London Talks on Iran Nuclear Program Inconclusive
RENEE MONTAGNE, host:
In this part of the program, we turn to Iran and a conversation with a diplomat once held hostage there about the challenges of dealings with that country.
First, the U.S., Europe, Russia and China have not yet settled on what the next step will be in their effort to stop Iran's controversial nuclear activities.
Meeting in London yesterday, the permanent members of the U.N. Security Council, plus Germany, did not reach agreement on a package of incentives and disincentives for Iran.
Iran's government has been uncharacteristically quiet in recent days, while it waits for the offer.
NPR's Mike Shuster reports.
MIKE SHUSTER reporting:
The goal of all those participating in the London meeting - the U.S., Britain, Russia, France, China and Germany - was to prevent Iran from continuing to enrich uranium. The London meeting was meant to put the final touches on an offer of economic incentives, including peaceful nuclear technology, but which also includes the threat of economic and diplomatic sanctions if Iran doesn't accept.
At least publicly, the Iranian position has been firm for months. Iran won't accept any package that deprives it of its rights as a signatory to the Nuclear Non-Proliferation Treaty, according to Foreign Ministry official Mohammad Fardi al-Fard(ph).
Mr. MOHAMMAD FARDI AL-FARD (Foreign Ministry, Iran): The major point is to recognition of our right to have nuclear energy for peaceful purposes. And, of course, use all the means to have this use of nuclear energy, including enrichment of uranium inside the Iranian territory. If the package that they are talking about includes that right that we have, of course, everything is possible.
SHUSTER: The Iranian position has not budged, in part because the United Nations Security Counsel is divided about what to do, with Russia and China effectively blocking the U.S. effort to punish Iran. But there is some discomfort here about the package of incentives and disincentives under discussion. Rahman Garamanpur(ph), of the semi-official Center for Strategic Research, sees Europe's willingness to threaten sanctions as evidence that it's has moved closer to the U.S.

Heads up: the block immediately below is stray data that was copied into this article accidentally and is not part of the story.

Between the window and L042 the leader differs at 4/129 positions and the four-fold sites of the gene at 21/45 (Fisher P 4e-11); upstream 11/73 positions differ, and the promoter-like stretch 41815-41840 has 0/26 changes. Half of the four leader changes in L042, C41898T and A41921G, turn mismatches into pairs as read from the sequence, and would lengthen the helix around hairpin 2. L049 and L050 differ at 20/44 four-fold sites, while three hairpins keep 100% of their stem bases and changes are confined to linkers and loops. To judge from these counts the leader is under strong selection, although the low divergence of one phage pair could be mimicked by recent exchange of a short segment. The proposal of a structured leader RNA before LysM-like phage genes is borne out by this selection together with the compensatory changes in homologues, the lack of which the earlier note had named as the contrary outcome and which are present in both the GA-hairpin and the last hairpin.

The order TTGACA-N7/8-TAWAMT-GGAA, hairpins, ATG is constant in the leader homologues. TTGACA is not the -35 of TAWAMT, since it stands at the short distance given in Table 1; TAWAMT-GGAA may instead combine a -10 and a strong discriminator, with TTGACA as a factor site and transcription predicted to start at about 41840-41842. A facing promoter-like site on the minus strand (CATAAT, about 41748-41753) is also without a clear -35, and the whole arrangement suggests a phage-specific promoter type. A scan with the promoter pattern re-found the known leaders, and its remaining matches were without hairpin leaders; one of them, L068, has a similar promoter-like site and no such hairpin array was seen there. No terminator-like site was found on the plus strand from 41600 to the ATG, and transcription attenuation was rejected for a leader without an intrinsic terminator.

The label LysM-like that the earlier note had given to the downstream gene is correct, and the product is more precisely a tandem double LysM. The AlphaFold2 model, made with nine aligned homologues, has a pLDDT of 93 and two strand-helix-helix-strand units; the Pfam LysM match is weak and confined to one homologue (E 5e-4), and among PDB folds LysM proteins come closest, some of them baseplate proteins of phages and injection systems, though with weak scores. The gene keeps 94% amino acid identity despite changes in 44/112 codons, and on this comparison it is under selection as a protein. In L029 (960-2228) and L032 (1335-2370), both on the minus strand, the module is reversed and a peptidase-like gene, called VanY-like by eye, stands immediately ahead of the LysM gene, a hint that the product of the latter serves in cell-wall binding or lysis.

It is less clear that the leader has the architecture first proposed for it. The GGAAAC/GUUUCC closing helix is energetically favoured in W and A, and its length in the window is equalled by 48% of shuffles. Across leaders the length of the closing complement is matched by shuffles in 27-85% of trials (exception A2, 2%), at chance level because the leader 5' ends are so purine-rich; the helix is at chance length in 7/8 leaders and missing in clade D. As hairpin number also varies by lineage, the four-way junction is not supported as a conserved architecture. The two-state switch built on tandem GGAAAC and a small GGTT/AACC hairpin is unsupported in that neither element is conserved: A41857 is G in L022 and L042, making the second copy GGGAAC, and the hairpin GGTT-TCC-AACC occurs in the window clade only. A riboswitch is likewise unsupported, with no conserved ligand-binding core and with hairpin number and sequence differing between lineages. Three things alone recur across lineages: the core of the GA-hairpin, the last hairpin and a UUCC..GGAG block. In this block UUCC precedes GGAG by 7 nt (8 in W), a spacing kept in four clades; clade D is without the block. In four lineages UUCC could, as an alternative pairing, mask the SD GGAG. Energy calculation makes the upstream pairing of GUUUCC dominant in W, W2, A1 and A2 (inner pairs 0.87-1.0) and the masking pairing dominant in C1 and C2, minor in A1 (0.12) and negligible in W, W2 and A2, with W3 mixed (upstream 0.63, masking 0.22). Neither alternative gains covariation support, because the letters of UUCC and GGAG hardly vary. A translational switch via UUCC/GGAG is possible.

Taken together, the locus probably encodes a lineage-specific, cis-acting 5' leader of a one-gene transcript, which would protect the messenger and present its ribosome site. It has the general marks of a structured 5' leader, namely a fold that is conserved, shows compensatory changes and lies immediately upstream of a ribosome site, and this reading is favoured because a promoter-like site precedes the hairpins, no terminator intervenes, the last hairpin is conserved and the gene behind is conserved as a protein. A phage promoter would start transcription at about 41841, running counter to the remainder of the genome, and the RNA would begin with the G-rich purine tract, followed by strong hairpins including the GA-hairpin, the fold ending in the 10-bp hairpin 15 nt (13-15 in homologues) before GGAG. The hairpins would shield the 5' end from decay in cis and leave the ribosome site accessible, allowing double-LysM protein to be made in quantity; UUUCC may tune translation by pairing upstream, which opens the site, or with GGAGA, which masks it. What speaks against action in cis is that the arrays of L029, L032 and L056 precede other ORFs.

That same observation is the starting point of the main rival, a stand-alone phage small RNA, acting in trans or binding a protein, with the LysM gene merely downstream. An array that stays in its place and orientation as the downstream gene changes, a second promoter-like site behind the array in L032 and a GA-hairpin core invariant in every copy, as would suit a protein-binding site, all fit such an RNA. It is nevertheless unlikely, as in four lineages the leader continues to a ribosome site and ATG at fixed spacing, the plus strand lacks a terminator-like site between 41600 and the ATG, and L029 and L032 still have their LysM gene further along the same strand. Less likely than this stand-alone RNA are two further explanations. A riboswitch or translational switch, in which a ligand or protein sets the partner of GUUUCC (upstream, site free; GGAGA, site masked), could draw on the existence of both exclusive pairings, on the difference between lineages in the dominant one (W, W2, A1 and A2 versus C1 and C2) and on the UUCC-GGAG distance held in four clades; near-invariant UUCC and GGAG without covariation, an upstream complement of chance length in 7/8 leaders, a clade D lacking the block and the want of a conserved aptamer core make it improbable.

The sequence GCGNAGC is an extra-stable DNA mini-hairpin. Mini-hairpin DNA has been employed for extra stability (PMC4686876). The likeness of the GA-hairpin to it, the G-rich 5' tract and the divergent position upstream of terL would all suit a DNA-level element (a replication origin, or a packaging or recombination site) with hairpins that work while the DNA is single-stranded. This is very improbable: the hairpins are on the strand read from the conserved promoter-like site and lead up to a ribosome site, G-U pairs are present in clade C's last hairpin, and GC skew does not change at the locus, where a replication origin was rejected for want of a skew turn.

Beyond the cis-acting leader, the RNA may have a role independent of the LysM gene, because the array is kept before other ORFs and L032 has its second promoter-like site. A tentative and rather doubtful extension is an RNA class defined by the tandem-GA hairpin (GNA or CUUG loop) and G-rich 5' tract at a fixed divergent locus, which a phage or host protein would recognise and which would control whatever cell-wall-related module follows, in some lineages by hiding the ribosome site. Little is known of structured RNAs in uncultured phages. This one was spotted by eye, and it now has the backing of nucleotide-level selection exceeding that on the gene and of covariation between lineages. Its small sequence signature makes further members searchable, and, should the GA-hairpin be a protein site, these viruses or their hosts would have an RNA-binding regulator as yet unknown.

Mr. RAHMAN GARAMANPUR (Center for Strategic Research): In the last E.U. proposal, Iranians supposed that E.U. acts independent form United States of America. One of the main problems of E.U.'s recent proposal is that E.U. has talked about these incentives, and this may be an obstacle for starting negotiations - more negotiations between Iran and E.U.
SHUSTER: Still, Europe's willingness to consider sanctions may be having an affect on Iranian thinking. Some Iranian officials have been hinting for several months that they would like to talk directly to the U.S. about the nuclear impasse.
Yesterday, Mohamed ElBaradei, the director of the International Atomic Energy Agency, met with Secretary of State Condoleezza Rice after holding talks a few days ago with Ali Larijani, head of Iran's National Security Council. Larijani has stated publicly he would like direct contacts with the Bush administration. White House spokesman Tony Snow said yesterday the Iranian feelers are evidence the U.S. pressure is working.
But Rahman Garamanpur urged the U.S. to understand that the Iranian government does not speak with just one voice.
Mr. GARAMANPUR: From our perspective, the people may appear as unified. But in the domestic politics they have different ideas. And I think in finding a solution to the present impasse, it is necessary to regard the different voices inside Iran.
SHUSTER: The package under negotiation may include an offer to build a light water nuclear reactor in Iran, but could also threaten to cut off supplies of gasoline to Iran. Iran imports some 40 percentage of its gasoline, a large portion of that from Europe.
Mike Shuster, NPR News, Tehran.
STEVE INSKEEP, host:
Secretary of State Condoleezza Rice wants better wants better information about those different voices inside Iran. So she has set up an Iran office in the State Department. She hopes to boost the number of Iran experts on her staff, here and abroad. Transcript provided by NPR, Copyright NPR.